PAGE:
“the doctrine of lis pendens prevents the effective transfer of rights in any property which is the subject matter of an action pending in court during the pendency in court of the action. In its application against any purchaser of such property the doctrine is not founded on the equitable doctrine of notice – actual for constructive – but upon the fact that the law does not allow to litigating parties or give to them, during the currency of litigation involving any property rights in such property (i.e, the property in dispute) so as to prejudice any of the litigating parties.”

In Ogunsola v. NICON (1991) 4 NWLR (Pt.188) 762 at 771 this Court had held as follows:

“If a purchaser chooses to purchase a property, subject to litigation, from one of the litigants – during the currency of the litigation, he does so, in my opinion at his own risk and if it turns out that the person from whom he bought has no title or was adjudged at the end of the pending action not to be the owner, he takes as he finds it. Where the defendant alienates during the pendency of a suit, the result of judgment if the plaintiff succeeds will over-reach such alienation, See Wigram v Buckley (1894) 3 CH. 483 at 497.”

It was in the application of the principles enunciated in the two cases above, that the Court of Appeal per Chukwuma-Ene JCA (as he then was) had no difficulty in agreeing with the finding and conclusion of the trial court in dismissing the appeal thus affirming the earlier decision of the trial court in refusing to cut abruptly the case of the respondent as Plaintiff.

Of similar mind therefore I do not hesitate either in applying the postulated principles in Barclays Bank of Nigeria v Ashiru & Ors (supra) and Ogunsola v NICON (supra) to say that the interpretation of the doctrine of lis pendens vis-a-vis this appeal to bring to a short life-span the suit of the respondent at the trial court stems in my humble view to a misconception since the court according to the doctrine of the appellant would be superimposing into the free will of a party who might want to still make a purchase or a transaction in spite of a pending suit and take a chance upon whatever would be the outcome. Since the person who clearly with eyes open enters into a purchase of land which is encumbered does so at his own risk and he would take the gain if his predecessor-in-title wins or count his losses in the event that the predecessor-in-title losses. Either way it is the choice of the party embarking on a risky transaction and it is not for the Courts to baby sit such a litigant and tell him what he should or should not do with the options open to him and which way the result is thrown up is that litigant’s right and no one else’s. Stated differently a litigant is entitled to his right to gamble with his options and bear the consequences and it is not the concern of the other party or the court for that matter since if the predecessor-in-title has nothing upon which what he had sold to the purchaser or adventurous litigant that is their business. Also for full measure the possible outcome of the pending suit does not come into the consideration of whether or not the doctrine would apply.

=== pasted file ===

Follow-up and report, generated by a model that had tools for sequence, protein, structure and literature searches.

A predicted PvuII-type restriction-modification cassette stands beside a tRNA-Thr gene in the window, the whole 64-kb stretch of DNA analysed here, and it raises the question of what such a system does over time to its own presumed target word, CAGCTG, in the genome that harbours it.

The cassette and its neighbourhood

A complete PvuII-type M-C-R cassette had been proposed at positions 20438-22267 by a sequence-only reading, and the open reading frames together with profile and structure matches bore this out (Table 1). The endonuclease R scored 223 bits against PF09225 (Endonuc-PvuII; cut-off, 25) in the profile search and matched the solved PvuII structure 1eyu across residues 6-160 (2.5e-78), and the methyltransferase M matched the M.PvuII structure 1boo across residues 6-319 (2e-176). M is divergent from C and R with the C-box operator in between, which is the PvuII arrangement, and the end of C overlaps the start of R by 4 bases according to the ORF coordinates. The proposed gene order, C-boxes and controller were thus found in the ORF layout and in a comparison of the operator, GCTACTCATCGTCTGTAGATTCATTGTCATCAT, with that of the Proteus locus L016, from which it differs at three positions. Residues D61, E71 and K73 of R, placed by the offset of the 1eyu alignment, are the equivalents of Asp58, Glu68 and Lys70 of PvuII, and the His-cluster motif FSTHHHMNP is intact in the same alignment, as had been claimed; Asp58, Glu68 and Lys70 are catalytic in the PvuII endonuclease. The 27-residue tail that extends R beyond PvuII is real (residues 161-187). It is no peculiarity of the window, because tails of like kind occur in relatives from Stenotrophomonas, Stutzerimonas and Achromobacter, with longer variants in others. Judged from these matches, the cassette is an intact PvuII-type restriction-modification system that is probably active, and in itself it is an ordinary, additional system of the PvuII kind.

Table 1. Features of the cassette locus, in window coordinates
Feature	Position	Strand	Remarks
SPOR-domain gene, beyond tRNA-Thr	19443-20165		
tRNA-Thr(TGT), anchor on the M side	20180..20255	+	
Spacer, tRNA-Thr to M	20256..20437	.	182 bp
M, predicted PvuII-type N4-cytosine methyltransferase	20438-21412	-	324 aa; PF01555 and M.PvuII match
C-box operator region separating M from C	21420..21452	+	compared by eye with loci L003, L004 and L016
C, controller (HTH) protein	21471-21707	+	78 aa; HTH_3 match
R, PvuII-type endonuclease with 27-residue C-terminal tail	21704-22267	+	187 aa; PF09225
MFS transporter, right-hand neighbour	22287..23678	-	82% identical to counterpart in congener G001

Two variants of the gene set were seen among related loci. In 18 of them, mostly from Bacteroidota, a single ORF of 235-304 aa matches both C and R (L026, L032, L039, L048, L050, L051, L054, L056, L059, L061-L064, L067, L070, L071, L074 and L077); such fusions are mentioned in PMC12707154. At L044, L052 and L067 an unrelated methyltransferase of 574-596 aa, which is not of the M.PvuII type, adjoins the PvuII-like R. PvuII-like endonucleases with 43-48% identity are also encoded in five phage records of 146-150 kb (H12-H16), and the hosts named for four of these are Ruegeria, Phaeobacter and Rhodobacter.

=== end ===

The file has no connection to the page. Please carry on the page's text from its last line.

In fact it is what the appellant has set out to achieve by this posturing on lis pendens and his understanding of its application that has the capacity to over-reach and with its prejudicial consequences which would enable the appellant steal a march over his opponent without the due conclusion stemming from a hearing and determination of the suit before court. Because granting the appellant what he seeks would be giving through the backdoor, a title over land and divested the other without firing a short and before the proper decision of the court from full consideration of the materials available. See the Ajuwon v Akanni (1993) NWLR (Pt.316) 182.

In the final analysis therefore, seeing nothing on which to hinge a departure from the well considered decision of the trial Court, affirmed by the Court of Appeal, I too swim along and hold that this appeal lacks merit in the extreme and is dismissed.

I affirm the decision of the Court of Appeal in its confirmation of the earlier Ruling of the trial High Court and the orders therefrom.

I award N50,000.00 costs to the Respondent to be paid by the Appellant.


SC.211/2004